Post Independence Day…

‘Independence Day’ 2008 has come and gone, so I figure it’s a good time for a visual retrospective on the years after Aguinaldo declared the Philippines ‘free’ on12 June 1898. As a Filipino photographer, I find these old archival images gripping…

[above: General Aguinaldo boards the U.S.S Vicksburg, 1900]

[above: Dr. Miller poses for a photograph with two Ifugaos. ca. 1906-1910]

[above: American soldier with Filipino child; Photographer: Bruner, E. Murray; Date: ca. 1906-1910]

[above: American soldiers and Filipinos with small horses, Cavite, 1899]

[above: American soldiers rest during a lull in the fighting, 1899]

“I am not afraid, and am always ready to do my duty, but I would like some one to tell me what we are fighting for.”–Arthur H. Vickers, Sergeant in the First Nebraska Regiment

[above: Dead insurgents, Manila, 1899-1901]

In all the images, and the above image especially, keep in mind that this was taken in 1899. The camera’s back then were not the fast exposing, handheld varieties like what we have today, or even during WWII. These were large machines that had to be set up, and the exposures required one to hold still for a long time. I assume all the above facial expressions, except I suspect the elderly lady’s, were posed. I can only imagine what the lola above is thinking…

[above: Officers of the Filipino insurgent army against the American colonisers, prisoners in Pastigo Prison, Manila, Philippine Islands. (1901)]

[above: Execution chamber and garrotes, Intramuros. ” This machine has an official record of killing 31 men, 1901.]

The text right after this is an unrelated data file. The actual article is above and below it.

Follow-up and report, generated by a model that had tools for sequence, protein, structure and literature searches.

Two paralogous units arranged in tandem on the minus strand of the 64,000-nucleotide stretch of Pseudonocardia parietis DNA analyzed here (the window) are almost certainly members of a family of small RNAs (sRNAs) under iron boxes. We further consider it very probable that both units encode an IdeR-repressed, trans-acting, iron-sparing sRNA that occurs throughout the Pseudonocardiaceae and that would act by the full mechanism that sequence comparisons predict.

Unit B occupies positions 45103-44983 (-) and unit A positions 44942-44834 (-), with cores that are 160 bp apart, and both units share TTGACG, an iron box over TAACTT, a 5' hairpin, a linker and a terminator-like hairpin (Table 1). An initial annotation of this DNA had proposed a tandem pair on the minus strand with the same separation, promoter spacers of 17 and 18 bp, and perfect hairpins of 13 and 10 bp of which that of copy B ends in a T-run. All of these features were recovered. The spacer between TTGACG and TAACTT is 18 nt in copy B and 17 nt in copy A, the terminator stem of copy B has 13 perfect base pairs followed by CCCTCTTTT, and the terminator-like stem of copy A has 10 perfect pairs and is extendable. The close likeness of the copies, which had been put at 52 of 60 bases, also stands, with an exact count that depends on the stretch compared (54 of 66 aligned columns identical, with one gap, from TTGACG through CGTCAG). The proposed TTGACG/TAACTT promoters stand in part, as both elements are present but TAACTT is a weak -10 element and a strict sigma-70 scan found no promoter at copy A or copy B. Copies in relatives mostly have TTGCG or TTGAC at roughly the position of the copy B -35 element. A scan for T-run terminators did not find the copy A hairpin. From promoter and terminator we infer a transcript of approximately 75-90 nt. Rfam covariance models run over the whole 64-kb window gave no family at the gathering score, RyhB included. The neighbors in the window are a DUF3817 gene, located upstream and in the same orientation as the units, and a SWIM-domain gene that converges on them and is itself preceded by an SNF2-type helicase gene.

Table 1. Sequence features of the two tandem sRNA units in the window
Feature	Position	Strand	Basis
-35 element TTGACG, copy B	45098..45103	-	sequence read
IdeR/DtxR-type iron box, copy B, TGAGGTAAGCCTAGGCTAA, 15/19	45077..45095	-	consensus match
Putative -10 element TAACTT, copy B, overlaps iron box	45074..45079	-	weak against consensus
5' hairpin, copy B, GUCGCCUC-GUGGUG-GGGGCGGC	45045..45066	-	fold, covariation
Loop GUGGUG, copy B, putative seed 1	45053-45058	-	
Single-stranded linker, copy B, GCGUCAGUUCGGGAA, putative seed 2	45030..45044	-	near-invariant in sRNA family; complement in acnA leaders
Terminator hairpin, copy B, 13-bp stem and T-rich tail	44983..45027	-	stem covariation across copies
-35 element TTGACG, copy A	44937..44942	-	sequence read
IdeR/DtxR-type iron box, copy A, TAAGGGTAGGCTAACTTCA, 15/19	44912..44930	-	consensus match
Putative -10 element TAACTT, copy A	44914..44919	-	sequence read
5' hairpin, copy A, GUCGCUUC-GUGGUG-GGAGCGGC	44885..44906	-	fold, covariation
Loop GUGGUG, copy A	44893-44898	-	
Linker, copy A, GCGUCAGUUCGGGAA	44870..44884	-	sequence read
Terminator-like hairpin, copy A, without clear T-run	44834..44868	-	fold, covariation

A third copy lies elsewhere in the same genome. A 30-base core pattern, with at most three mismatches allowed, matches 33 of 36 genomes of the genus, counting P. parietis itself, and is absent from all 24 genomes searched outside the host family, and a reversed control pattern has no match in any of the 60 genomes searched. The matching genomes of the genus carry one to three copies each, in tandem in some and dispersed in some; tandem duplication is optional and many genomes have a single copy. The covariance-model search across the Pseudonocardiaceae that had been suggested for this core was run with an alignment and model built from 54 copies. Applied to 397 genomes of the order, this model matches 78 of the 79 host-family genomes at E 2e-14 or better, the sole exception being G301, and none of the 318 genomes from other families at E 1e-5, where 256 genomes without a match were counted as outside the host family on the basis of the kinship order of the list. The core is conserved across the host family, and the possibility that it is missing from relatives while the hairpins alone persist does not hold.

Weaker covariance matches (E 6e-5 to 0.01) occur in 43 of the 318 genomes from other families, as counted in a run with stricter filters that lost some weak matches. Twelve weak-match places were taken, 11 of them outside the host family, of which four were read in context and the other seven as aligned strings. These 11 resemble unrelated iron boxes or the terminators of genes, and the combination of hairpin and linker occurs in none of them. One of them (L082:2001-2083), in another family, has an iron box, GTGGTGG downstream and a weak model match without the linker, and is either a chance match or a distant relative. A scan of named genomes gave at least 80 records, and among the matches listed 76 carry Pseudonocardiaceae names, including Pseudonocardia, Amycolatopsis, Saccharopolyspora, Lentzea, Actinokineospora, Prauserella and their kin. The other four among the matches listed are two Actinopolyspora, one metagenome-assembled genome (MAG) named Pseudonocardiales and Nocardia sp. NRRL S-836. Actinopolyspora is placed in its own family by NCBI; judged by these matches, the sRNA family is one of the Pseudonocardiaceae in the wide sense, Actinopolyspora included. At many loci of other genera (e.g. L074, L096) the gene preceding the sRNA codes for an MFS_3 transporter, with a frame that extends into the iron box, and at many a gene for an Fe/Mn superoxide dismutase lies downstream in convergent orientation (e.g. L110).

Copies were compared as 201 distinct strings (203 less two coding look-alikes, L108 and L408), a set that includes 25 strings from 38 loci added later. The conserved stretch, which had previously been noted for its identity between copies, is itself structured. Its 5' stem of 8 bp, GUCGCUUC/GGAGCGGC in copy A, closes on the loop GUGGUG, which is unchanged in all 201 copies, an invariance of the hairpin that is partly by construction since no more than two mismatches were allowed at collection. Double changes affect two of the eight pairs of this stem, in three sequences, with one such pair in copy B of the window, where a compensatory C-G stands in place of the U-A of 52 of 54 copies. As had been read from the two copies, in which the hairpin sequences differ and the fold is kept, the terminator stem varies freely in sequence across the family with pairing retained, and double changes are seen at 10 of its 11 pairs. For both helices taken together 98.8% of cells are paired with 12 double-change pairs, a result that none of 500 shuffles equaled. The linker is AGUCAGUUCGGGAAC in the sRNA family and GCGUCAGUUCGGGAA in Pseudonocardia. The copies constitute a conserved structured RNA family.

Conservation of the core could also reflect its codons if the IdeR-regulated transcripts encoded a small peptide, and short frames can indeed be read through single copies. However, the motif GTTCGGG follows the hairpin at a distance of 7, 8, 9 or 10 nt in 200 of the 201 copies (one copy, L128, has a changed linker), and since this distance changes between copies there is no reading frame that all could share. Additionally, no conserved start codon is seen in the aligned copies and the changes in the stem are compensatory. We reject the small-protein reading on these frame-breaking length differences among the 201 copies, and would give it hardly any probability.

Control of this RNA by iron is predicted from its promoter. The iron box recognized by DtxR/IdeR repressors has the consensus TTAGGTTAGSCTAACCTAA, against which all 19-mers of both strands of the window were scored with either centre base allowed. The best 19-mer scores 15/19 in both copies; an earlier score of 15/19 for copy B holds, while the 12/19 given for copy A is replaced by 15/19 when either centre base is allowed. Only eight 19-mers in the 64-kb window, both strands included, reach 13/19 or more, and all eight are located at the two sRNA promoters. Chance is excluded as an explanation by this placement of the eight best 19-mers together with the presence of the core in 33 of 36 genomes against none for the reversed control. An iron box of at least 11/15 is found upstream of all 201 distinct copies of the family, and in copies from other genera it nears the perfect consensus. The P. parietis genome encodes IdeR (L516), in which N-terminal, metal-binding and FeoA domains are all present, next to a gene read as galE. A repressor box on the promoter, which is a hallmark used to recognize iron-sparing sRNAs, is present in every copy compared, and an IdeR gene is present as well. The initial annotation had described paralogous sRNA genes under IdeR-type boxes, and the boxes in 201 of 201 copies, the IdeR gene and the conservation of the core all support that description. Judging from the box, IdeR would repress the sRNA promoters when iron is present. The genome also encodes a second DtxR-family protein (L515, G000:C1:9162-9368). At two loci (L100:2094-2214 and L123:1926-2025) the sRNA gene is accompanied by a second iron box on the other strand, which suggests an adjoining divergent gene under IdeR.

* * *

The Philippine American War was fought from the moment the Americans claimed ownership of the Phils as a colony until at least 1902 (though fighting continued throughout the American term–and, arguably, is still going on today).

The country continues to bear the scars of this conflict. Official (aka American) numbers put the casualties at: 4234/2818 American dead/wounded and 20,000/200,000 Filipino dead (note the exact figures of the US casualities and the averaged out number for us Filipinos). Filipino estimates are MUCH higher (with at least 500,000 civilian deaths).

After the conflict the US did it’s best to create “little brown Americans.” The Thomasites opened up schools to ‘educate’ the populace. And members of the elite were groomed into political positions.

“Independence” was finally granted by the Americans in 1946.

For more info: http://en.wikipedia.org/wiki/Philippine-American_War

Click here to read “White Man’s Burden” a poem written by R. Kipling about the colonisation of the Philippines by the USA.

~ by alexfelipe on June 17, 2008.

2 Responses to “Post Independence Day…”

  1. ….I had trouble scrolling down…

    today (before I saw this) while riding the TTC I wrote this randomly thinking about the Philippines currently.

    -The continued oppression & exploitation leads to further dictated depression creating more & more malleable minds with eager mouths continuously swallowing the oppressor’s bullshit rhetoric of “liberation” .

  2. wow, lots to say…

    my first impression was, for anyone who has ever asked me why I refer to myself as ‘brown’, or my email address is ‘brownscreen’ or why I tend to refer to Filipinos as BROWN…

    – I think it’s all there in the pictures.

    Ironically, the reason why we don’t see ourselves as brown anymore is also in most of the pictures.

    Somewhere along the lines, we started to identify with the other guy and then it got real confusing.

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